If your company is in need of quick cash to meet payroll, catch-up on bills or invest in new resources, the best funding solution is invoice factoring, also known as accounts-receivable financing.
While there are many factoring companies in New Orleans, Scale Funding is your top choice. We offer low rates, high advances and same-day funding.
Instead of waiting 30 days or more for customer payment, choose our New Orleans invoice factoring programs for access to same-day cash. You’ll receive a competitive advance your invoice amount instantly. Once your customer pays the invoice, we’ll remit you the remaining balance, minus our low, competitive factoring fee.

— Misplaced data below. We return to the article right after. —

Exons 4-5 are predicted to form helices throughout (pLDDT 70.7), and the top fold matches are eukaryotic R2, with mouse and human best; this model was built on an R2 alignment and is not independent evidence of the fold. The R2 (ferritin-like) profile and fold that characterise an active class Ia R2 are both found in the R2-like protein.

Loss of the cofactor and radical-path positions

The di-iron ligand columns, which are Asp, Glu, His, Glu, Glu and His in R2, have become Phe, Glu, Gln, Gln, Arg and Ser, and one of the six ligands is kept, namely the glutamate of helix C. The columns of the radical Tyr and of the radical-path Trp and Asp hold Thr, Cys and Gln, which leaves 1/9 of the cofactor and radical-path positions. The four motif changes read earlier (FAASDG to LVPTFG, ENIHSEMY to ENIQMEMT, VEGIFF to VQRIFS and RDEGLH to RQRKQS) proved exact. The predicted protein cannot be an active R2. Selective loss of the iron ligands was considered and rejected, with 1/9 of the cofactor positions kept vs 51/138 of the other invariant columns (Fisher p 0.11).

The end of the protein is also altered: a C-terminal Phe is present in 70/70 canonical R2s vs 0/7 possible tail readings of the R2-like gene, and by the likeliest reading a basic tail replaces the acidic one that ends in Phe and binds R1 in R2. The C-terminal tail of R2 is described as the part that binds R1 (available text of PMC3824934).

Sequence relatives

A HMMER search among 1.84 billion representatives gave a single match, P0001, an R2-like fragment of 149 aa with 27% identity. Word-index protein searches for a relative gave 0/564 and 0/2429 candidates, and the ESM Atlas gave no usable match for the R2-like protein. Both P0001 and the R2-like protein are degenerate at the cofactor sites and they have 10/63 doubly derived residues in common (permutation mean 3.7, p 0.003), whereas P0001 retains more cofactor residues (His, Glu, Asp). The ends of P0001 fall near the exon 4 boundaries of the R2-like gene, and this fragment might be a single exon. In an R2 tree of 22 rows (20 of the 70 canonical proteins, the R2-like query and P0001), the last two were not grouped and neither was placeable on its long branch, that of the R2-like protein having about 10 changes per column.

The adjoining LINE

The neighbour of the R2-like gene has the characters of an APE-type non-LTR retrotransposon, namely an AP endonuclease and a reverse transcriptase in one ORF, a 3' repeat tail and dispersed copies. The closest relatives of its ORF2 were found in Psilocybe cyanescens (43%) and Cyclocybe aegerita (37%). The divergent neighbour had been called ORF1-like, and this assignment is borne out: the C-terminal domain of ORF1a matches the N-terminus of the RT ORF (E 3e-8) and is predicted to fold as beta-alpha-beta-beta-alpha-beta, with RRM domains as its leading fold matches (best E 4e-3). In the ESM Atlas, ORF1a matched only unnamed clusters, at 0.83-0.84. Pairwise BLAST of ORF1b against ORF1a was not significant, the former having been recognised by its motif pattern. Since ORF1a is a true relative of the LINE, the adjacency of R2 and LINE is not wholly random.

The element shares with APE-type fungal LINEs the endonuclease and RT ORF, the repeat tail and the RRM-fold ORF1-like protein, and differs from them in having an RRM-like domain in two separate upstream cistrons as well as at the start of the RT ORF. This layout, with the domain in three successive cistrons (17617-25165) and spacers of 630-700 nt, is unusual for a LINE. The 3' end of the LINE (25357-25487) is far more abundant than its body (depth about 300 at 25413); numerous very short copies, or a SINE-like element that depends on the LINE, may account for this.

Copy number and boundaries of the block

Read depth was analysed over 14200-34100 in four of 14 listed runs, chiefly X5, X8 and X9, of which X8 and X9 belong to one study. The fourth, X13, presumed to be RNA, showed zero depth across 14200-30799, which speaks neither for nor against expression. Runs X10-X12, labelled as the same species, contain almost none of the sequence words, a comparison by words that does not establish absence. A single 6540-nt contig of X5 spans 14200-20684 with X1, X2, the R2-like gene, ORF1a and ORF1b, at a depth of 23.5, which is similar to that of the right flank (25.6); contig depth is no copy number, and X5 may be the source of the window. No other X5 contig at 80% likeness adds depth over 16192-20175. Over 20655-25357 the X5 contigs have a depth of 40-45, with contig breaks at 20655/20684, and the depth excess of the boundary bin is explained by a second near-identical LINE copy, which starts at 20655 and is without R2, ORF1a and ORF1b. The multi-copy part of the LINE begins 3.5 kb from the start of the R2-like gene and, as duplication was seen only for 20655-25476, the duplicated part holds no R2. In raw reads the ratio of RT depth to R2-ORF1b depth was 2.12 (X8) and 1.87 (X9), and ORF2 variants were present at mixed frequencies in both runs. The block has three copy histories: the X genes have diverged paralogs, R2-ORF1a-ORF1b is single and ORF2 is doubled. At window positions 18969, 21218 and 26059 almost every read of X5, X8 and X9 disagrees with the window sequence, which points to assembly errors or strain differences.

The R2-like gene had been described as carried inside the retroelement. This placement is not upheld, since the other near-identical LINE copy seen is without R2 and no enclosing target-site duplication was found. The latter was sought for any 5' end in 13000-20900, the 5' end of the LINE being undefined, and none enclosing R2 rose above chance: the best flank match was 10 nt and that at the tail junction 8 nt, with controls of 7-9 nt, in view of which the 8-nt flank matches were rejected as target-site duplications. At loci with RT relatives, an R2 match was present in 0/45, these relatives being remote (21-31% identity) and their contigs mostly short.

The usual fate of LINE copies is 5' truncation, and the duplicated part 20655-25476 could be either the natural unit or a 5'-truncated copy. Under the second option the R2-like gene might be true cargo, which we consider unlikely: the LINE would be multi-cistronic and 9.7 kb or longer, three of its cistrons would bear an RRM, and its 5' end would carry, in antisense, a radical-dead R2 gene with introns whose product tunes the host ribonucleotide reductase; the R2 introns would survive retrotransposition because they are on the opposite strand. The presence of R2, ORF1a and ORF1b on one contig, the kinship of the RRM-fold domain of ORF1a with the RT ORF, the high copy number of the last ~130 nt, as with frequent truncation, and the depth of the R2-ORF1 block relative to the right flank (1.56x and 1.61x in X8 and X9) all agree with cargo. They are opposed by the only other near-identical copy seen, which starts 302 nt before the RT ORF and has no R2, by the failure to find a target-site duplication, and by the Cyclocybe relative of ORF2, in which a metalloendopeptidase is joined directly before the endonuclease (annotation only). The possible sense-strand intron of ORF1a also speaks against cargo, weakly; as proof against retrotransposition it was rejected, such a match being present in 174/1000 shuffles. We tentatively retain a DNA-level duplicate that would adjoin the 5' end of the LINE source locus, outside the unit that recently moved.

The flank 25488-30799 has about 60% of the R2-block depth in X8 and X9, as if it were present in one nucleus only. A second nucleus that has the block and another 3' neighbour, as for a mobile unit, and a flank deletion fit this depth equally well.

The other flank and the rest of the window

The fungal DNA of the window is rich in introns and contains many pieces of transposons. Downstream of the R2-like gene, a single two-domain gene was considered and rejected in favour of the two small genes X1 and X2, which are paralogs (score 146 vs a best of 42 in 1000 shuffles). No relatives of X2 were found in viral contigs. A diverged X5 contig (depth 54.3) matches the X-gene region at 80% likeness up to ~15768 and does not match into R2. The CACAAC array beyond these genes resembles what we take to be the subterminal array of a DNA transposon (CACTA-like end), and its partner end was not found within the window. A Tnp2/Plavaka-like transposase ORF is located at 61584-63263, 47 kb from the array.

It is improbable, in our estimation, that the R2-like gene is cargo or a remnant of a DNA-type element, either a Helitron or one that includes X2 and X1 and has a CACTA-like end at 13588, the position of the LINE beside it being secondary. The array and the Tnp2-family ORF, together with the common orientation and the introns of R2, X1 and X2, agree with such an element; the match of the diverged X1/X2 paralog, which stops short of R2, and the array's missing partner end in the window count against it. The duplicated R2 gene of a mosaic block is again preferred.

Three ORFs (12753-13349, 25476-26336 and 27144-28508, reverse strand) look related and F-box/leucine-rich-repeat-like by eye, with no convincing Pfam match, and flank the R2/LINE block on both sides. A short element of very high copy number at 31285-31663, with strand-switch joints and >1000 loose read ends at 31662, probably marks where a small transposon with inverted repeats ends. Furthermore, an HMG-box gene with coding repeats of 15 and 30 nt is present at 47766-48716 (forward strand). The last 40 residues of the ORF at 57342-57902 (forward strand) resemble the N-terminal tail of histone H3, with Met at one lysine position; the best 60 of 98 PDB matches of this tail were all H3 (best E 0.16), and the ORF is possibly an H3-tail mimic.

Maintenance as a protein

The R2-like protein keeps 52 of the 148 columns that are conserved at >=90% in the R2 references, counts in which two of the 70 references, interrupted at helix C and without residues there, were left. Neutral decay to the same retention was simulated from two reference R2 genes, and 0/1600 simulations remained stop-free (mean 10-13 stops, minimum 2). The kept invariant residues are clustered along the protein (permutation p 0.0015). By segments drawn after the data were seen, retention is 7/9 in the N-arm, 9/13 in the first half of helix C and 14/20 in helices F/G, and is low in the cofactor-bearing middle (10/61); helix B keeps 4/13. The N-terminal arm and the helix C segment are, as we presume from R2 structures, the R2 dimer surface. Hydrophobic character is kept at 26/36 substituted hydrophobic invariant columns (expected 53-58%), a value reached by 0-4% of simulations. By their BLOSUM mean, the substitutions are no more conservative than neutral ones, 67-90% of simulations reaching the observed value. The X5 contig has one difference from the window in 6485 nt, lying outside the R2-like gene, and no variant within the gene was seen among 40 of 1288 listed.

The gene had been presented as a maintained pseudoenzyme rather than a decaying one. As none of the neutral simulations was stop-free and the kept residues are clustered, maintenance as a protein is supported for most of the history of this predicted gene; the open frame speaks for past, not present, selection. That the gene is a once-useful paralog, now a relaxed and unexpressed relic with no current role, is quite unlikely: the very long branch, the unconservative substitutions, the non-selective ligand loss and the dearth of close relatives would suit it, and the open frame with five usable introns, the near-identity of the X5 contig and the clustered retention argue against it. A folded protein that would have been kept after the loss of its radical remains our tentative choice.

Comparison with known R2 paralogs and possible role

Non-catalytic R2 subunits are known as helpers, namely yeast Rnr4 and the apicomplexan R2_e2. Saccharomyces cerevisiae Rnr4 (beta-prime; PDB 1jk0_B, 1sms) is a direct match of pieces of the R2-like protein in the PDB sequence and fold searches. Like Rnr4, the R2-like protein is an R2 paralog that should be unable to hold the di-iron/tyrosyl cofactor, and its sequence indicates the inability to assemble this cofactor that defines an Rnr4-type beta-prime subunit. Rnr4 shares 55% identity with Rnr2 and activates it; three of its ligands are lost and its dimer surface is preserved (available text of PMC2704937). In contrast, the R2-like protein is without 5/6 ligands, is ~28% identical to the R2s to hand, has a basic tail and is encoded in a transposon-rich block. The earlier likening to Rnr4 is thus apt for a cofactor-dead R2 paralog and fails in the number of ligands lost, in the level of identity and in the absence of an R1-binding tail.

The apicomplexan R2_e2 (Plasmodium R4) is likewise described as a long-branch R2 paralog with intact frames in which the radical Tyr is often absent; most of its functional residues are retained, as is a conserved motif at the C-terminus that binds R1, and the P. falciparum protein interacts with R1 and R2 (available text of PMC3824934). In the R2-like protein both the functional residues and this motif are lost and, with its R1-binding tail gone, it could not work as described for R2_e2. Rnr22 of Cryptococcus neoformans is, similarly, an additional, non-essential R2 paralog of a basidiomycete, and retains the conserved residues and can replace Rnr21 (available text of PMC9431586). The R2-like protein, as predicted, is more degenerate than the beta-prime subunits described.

Unlike business loans and lines of credit, invoice factoring and accounts-receivable financing gives you the flexibility to grow. Loans and lines of credit add debt on your balance sheet so the amount provided is capped. Our programs don’t create debt and allow you to grow with monthly volumes ranging from $50,000 up to $20 million.
Since 1994, we’ve provided cash to many industries through our invoice factoring programs. Our staff is considered experts in several industries including:
|Oilfield||Utility & Pipeline|
|Staffing Agencies||Many Others|
Companies choose Scale Funding over other factoring companies in New Orleans because of our flexibility to work with a variety of business stages and sizes. Our more than 20 years of providing cash-flow solutions gives us the credibility and trusted expertise that businesses are looking for in a factoring company.